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Online Solicitation of a Minor: A State AND Federal Offense

Chad West March 10, 2018

With the rise of mobile means of communication—texting, Snapchat, Facebook, and other various websites and apps—communicating with others has never been easier. However, it is important to understand that certain communications can lead to criminal convictions, especially when the communications are with a minor.

Sending Sexual Communications Can Be a Felony in Texas

Under Texas Penal Code § 33.021, it is a second- or third-degree felony to solicit a minor over the Internet. At first glance, this crime seems straightforward enough, but its reach is a lot broader than many seem to realize. Most people assume that a crime is only committed if a person attempts to have a minor meet them in person; however, that is not the case.

If someone uses the Internet, text messages, email, or any other online service to communicate with a minor in a sexual manner—even if there are never plans to meet the minor in real life—then that is a punishable offense in Texas. A person over the age of 17 absolutely cannot have any form of sexual communication with a minor. The list of prohibited conduct includes sending minors sexually explicit messages, sharing pornographic images or videos, describing sexual conduct or contact, or asking to meet a minor for sexual conduct. Harsher penalties are imposed if the minor is under the age of 14. Different statutes apply to minors communicating with other minors (as in the case of sexting among teens and pre-teens.)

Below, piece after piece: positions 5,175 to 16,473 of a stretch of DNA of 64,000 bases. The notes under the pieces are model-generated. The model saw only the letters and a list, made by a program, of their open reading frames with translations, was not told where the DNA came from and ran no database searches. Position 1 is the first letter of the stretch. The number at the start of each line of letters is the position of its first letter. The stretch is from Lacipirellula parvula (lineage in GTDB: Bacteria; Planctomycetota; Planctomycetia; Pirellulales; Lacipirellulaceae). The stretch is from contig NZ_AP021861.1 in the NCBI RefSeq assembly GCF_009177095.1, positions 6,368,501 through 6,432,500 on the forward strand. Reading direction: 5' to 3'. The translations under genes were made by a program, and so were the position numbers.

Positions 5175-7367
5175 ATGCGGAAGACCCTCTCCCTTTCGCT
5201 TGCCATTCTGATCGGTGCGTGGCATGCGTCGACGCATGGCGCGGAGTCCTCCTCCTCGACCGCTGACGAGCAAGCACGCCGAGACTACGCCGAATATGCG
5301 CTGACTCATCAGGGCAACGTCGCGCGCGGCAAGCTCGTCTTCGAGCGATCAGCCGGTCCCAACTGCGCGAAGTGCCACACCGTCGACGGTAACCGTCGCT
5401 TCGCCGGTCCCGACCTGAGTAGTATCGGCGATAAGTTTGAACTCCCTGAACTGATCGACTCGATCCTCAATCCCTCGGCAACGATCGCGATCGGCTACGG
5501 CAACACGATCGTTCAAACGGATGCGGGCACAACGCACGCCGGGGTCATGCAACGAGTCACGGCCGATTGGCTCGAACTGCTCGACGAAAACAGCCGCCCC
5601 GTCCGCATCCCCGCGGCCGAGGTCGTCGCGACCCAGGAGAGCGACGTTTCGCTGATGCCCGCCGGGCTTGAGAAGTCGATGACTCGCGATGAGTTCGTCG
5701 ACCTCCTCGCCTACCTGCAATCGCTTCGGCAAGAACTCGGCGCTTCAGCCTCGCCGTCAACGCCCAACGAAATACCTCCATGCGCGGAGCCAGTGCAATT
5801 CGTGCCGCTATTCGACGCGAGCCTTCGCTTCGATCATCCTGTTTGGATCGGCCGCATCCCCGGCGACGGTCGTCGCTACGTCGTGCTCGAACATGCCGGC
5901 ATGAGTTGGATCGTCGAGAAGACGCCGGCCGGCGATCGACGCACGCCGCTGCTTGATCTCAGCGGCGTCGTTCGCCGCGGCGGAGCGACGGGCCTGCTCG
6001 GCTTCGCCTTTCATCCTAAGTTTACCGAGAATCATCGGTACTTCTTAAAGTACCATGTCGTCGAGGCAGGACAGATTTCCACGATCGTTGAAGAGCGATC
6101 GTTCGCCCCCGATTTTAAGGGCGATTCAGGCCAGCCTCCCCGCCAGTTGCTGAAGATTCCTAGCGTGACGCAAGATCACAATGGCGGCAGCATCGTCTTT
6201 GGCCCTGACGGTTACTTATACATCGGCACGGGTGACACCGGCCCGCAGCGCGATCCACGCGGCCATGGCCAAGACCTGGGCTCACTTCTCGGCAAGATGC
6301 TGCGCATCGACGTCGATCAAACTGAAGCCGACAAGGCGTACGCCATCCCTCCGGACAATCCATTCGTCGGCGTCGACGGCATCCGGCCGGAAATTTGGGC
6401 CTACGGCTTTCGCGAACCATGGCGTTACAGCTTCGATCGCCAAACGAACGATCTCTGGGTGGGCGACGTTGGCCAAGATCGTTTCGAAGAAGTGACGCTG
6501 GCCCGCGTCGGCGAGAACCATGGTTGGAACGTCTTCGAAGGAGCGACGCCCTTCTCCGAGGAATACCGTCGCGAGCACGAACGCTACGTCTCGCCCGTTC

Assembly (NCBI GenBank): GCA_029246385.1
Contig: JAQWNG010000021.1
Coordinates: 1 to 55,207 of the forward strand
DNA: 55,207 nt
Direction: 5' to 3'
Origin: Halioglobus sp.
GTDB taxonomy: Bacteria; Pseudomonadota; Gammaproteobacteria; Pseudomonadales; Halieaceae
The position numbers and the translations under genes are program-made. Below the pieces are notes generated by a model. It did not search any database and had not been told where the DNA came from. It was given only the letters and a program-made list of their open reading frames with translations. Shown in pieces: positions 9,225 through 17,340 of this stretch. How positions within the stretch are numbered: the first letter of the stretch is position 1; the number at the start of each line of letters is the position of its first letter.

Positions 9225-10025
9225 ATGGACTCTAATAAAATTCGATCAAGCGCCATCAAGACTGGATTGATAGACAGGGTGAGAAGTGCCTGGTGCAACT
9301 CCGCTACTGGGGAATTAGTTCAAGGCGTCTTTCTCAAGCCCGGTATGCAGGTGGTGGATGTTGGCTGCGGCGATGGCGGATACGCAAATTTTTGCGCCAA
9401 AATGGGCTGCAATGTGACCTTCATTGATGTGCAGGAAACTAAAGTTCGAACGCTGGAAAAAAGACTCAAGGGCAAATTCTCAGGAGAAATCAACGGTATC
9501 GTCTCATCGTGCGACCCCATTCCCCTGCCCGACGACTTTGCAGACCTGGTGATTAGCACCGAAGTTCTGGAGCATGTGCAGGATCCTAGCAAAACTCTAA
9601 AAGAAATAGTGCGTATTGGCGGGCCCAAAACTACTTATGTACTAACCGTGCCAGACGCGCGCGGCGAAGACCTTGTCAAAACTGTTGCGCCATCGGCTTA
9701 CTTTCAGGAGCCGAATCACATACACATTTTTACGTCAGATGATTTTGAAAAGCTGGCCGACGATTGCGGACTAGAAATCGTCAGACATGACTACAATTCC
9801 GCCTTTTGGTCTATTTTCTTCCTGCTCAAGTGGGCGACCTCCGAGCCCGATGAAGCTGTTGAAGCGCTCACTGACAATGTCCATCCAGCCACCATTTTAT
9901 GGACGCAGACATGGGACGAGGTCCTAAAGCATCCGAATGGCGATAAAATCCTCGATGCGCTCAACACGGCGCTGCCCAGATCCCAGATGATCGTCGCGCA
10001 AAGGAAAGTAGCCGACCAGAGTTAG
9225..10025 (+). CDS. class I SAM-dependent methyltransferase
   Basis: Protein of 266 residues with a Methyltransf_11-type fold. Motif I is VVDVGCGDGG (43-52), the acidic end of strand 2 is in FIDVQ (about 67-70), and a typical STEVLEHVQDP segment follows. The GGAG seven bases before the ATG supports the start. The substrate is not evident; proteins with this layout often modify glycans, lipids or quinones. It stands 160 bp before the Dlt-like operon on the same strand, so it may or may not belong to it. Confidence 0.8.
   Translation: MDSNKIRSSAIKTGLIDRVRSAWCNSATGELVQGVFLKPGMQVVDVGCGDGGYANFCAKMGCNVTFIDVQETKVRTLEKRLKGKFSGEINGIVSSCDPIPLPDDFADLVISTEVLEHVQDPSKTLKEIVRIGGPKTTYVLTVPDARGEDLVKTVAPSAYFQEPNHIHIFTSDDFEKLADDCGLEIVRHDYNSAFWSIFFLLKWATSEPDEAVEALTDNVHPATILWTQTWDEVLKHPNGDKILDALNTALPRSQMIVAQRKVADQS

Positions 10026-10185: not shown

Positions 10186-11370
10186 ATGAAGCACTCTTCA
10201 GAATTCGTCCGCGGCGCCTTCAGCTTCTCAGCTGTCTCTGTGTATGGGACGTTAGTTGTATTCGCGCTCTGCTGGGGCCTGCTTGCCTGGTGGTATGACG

Even if the recipient of the messages is impersonating a minor, the communication can still result in a second- or third-degree felony conviction. In fact, many of the arrests associated with this crime come about due to police “sting” operations in which the police create online personas pretending to be minors. The police keep logs of the conversations, and they then use the logs as evidence for later convictions.

Once arrested, it is difficult to defend against these types of charges. It is not a defense to claim that the actor never actually met with the minor. Nor is it a defense that the “victim” was impersonating a minor. If the accused thought he or she was communicating with a minor, this is enough evidence for a conviction. The only valid defenses are if the actor was married to the minor, or the actor was within three years of age of the minor and the minor consented to the alleged conduct. In the case of an educator communicating with a student who is a minor using technology, the three-year age rule does not apply.

The Federal Government Can Prosecute for the Same Crime

Solicitation of a minor is also a federal crime. Under 18 United States Code §§ 2422 & 2423, it is illegal to use mail, the Internet, or any other form of interstate or international communication to solicit a minor for sex. Furthermore, it is illegal to travel across state lines for the purpose of engaging in illicit activity with a minor or to send sexually explicit material to anybody younger than 16 years of age through the mail or the Internet.

Under federal law, convictions for these crimes carry harsh penalties. If convicted, an offender faces anywhere from 10-30 years in prison, up to $250,000 in fines and sex offender registration for life. These penalties increase if child pornography was created as well.

To make matters worse for the accused, an offender could face two trials and two convictions—one in state court, and one in federal court. If convicted, the sentences could be served consecutively, effectively doubling the total length of a potential sentence.

If you’re facing charges related to an online solicitation or technology-related arrest, we can help you. Our firm has experience in successfully defending at trial, reducing the aftermath for defendants and helping you move on with your life as quickly as possible.


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